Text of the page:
Tree change to slow living

Last week I introduced my new series about slow living and making a tree change to Armidale in northern NSW. Before I start packing, I need to get my ducks in a row. The biggest “ducks” are having somewhere to live and a job. I am trying to open my mind to all the possibilities. However, deep down the sensible voice keeps telling me not to take too big a risk. I still have a mortgage to pay, I’m sixty and getting a new job might not be so easy as keeping the one I’ve got. I don’t want to end up poor and homeless which is an unfortunately common scenario for single women my age. Sure, I want to live simply but I still want to eat!

A blurry image of grass blowing in the ewind

The day job.

My current day job is secure and satisfying yet very reactive. Dealing with teenagers and their families everyday is draining. The idea of changing jobs gives me so many things to think about! Do I need the same sort of job as I have now, earning as much as I do now? Do I want to stay in the same intense people-centric job? Could I scale back? Could I get a job selling widgets who don’t yell at you and bully each other on social media? Could I go freelance? I’d like to. 

Some options for a tree change

As any good list maker like myself does, I sat down and came up with some scenarios. Ranging from going the “whole nine-yards”, selling everything, buying a tiny house and living off the grid, right down to doing nothing and staying put. Then, there is everything in between. Renting my place, renting something cheaper up there or even sharing with my family.  Here are two of the options I came up with from riskiest to safest. There were 7 other options in between!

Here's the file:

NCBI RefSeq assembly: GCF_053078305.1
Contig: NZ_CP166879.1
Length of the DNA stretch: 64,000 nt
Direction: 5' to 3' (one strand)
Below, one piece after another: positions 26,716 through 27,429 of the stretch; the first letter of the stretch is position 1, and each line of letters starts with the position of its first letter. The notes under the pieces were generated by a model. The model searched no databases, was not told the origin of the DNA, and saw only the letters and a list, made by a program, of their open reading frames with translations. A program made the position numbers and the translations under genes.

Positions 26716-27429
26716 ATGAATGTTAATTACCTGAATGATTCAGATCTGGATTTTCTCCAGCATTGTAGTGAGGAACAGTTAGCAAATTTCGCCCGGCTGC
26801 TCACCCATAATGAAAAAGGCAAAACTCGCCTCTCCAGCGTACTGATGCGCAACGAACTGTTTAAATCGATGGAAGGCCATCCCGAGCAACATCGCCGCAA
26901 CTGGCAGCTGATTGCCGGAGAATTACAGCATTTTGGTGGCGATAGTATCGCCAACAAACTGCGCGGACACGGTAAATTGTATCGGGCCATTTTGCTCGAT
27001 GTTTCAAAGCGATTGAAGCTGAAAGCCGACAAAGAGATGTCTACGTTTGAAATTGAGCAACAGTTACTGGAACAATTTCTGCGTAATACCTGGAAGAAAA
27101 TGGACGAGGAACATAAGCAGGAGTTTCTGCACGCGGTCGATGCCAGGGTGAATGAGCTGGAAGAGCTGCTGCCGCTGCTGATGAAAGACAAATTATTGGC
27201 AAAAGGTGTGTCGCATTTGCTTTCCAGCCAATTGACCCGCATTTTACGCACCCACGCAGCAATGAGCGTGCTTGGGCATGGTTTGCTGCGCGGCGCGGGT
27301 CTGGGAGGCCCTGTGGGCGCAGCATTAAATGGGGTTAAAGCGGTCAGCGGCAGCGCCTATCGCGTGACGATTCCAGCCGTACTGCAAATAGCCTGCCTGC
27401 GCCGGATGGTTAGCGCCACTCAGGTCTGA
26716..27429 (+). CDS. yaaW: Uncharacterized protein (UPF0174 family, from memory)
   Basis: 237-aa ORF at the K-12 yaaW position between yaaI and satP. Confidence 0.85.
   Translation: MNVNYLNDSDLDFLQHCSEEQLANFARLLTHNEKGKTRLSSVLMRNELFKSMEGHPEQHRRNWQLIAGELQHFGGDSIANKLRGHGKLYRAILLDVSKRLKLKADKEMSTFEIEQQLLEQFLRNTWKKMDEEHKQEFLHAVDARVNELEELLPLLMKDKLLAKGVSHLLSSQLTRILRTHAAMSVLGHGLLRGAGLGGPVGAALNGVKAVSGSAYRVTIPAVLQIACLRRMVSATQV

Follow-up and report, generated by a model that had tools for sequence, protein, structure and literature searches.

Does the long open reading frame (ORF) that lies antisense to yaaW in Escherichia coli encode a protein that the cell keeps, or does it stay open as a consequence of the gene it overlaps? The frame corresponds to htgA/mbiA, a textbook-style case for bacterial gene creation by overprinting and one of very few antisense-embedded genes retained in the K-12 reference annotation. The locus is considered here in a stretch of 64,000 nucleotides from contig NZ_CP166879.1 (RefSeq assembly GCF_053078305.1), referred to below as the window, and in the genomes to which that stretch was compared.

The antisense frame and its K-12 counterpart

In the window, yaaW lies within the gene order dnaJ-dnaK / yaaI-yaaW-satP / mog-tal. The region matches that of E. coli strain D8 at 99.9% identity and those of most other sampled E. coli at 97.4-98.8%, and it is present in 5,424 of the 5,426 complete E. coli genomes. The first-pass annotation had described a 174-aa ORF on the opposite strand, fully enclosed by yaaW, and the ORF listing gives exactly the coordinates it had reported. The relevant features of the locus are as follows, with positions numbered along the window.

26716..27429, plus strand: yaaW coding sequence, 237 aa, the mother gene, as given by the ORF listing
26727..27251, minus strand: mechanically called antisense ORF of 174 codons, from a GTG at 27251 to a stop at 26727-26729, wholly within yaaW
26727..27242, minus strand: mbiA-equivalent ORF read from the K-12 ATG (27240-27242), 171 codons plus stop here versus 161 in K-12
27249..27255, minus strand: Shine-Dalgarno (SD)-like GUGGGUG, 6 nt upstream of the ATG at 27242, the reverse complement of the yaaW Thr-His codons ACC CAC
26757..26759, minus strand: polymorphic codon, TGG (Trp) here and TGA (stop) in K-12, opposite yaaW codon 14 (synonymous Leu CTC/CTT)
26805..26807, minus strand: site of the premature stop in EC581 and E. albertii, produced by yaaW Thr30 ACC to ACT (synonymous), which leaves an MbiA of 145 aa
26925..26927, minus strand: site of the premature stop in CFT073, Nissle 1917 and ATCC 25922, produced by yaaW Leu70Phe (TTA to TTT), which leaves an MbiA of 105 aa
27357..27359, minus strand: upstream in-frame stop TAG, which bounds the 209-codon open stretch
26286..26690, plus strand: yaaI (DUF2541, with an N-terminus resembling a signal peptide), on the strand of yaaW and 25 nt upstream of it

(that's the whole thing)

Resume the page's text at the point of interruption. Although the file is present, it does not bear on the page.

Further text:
Go really hard  – tree change deluxe model

  1. Sell up
  2. Buy a tiny house
  3. Find somewhere to park it – you might need to rent someone’s backyard 
  4. Grow veggies and chickens
  5. Live off the grid
  6. Get rid of most of your stuff
  7. Quit work –  go freelance!!!

Safest – Stay here – do nothing.

  1. Keep your stuff
  2. Keep working
  3. No veggies or chickens
  4. No cost.

Complex property decisions

It’s complicated by the fact that while the housing options in Armidale are more affordable, the gap between there and my current property is not huge. Probably not enough for me to  come out of the transaction debt free. 

The better news is that rent is cheaper and if I rent my place I can cover the mortgage and other related expenses. (just!). If I do sell I will never be able to get back into the coastal property market without winning the lottery. Ackkkkk!!!!!

I also have to acknowledge that I have the privilege to make these decisions in the first place.

Are my expectations too high

The best case scenario would be to be debt free and able to retire or at least work less than I do now. Then I can explore freelance work and a simple lifestyle. I don’t want to go backwards in terms of my finances but I don’t want to be separated from my family waiting for the magic unicorn of a job to appear.

Am I expecting too much? Does making the tree change to living simply and slowly mean you have to be broke? I know I am overthinking it. Should I just chuck it in and take the plunge?

I know I would have 30 years ago, because I did. 

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